The Problem With Politeness

Stop thanking me for being polite when I’m angry about injustice and focus on the injustice instead

So there is this “compliment” that well-meaning people lob at me when I write conscientiously about social ills that infuriate me. I write about something deeply painful, troubling and/or problematic in our society in my own fairly measured way that feels innate to me and is not in any way meant to say anything about the deservedness of my politeness as it relates to thing that is problematic or people supporting or engaging in problematic behaviors and without fail someone, sometimes many someones, will thank me for being, “so polite.”

Instead of sharing my outrage at the initial and underlying offense — at the racism, sexism, xenophobia, transphobia and other ills that permeate our society and deserve our immediate attention, certain readers focus primarily on how polite I am and how kind in my address. I get frustrated and angry because I never quite feel like people who get hung up on the way I present my message versus its content are with me in the cause — not really.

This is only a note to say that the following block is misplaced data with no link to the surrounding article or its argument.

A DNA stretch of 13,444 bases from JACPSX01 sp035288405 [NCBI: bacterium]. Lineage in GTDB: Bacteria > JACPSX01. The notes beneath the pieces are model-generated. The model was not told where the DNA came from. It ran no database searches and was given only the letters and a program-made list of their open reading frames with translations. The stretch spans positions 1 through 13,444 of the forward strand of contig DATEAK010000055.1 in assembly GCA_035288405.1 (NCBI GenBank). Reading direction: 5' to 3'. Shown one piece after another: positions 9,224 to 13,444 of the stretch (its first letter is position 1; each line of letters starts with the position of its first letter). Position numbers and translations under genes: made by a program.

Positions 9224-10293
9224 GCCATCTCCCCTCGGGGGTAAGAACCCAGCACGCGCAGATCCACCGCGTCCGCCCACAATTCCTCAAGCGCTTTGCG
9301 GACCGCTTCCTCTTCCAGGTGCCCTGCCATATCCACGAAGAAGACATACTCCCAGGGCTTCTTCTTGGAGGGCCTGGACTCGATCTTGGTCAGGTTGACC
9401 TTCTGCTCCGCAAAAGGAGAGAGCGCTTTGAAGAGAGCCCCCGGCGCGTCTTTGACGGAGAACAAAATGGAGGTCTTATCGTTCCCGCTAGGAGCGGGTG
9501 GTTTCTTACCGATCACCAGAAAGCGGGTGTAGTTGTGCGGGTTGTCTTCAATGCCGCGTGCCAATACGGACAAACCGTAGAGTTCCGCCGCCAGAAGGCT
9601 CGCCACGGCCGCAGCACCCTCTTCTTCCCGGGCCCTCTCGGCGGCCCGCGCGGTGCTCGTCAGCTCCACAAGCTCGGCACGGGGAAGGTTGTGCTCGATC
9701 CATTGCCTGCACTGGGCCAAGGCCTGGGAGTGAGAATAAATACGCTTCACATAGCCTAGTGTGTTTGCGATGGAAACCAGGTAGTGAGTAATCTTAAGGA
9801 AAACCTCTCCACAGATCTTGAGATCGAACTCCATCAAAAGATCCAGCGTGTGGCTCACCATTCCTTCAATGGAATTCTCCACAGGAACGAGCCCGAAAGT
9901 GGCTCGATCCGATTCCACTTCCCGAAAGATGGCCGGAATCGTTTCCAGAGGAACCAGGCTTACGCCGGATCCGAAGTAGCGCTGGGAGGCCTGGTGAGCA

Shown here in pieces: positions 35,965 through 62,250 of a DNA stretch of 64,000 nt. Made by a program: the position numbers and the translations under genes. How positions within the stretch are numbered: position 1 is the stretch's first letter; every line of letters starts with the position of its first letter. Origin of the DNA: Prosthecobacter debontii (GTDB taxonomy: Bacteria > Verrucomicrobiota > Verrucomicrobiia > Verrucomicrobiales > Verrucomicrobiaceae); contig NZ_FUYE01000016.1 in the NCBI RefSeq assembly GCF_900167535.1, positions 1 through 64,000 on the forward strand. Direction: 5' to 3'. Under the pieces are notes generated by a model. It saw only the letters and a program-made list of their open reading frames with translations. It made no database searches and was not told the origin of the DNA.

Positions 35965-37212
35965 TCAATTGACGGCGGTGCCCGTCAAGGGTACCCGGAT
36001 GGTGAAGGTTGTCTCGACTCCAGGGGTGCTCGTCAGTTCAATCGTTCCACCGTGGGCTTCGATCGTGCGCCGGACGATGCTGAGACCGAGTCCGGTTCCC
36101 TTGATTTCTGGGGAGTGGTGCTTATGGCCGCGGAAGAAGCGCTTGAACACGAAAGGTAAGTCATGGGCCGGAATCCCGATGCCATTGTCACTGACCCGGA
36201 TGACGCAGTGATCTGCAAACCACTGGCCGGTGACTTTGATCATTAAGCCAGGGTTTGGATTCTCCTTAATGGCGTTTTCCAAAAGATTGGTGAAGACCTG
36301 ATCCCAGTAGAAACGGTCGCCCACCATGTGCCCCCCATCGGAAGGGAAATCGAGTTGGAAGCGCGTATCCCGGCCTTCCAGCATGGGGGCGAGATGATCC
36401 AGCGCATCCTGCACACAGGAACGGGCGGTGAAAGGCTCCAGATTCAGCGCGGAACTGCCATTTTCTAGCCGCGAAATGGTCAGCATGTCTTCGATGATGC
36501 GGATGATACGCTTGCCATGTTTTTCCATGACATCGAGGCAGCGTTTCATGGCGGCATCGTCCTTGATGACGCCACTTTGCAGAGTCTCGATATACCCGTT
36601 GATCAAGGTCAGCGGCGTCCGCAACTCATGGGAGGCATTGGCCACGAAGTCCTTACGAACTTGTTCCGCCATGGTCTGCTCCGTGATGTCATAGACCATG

This type of veiled “compliment,” is tone policing on steroids and if you ever feel inclined to direct it at someone speaking out against injustice, know that most of us don’t ever take it as a compliment. The buried lede is that if “other people,” usually other Black women or Black people, were as polite as me then, you, we, society would listen to them more and believe them more. The implication itself springs forth new harm and new anger because this is one of the biggest lies we are told to excuse social problems: “you’d do better if you were, “nicer,” “kinder,” “more polite,” or “more respectable,”,” even when the arsenal of respectability has been outright denied to us.

I worry sometimes that my perceived eloquence has become an instrument against the causes I care passionately about — against the things that I and other like minded people burn up inside about in rage and anger and then somehow manage to turn into digestible sentences that somehow make people feel good about and on the right side these issues and the real and tangible harm they inflict on me and/or my child and/or my loved ones and/or my fellow unknown to me human beings.

When we are thanked for our politeness instead of assailed with plots to dismantle structural problems, we are livid about your failure to see the issue for what it is, for your failure to rage about the things human beings have been subjected to in our own country and on our own planet, and at your myopic focus on politeness and respectability.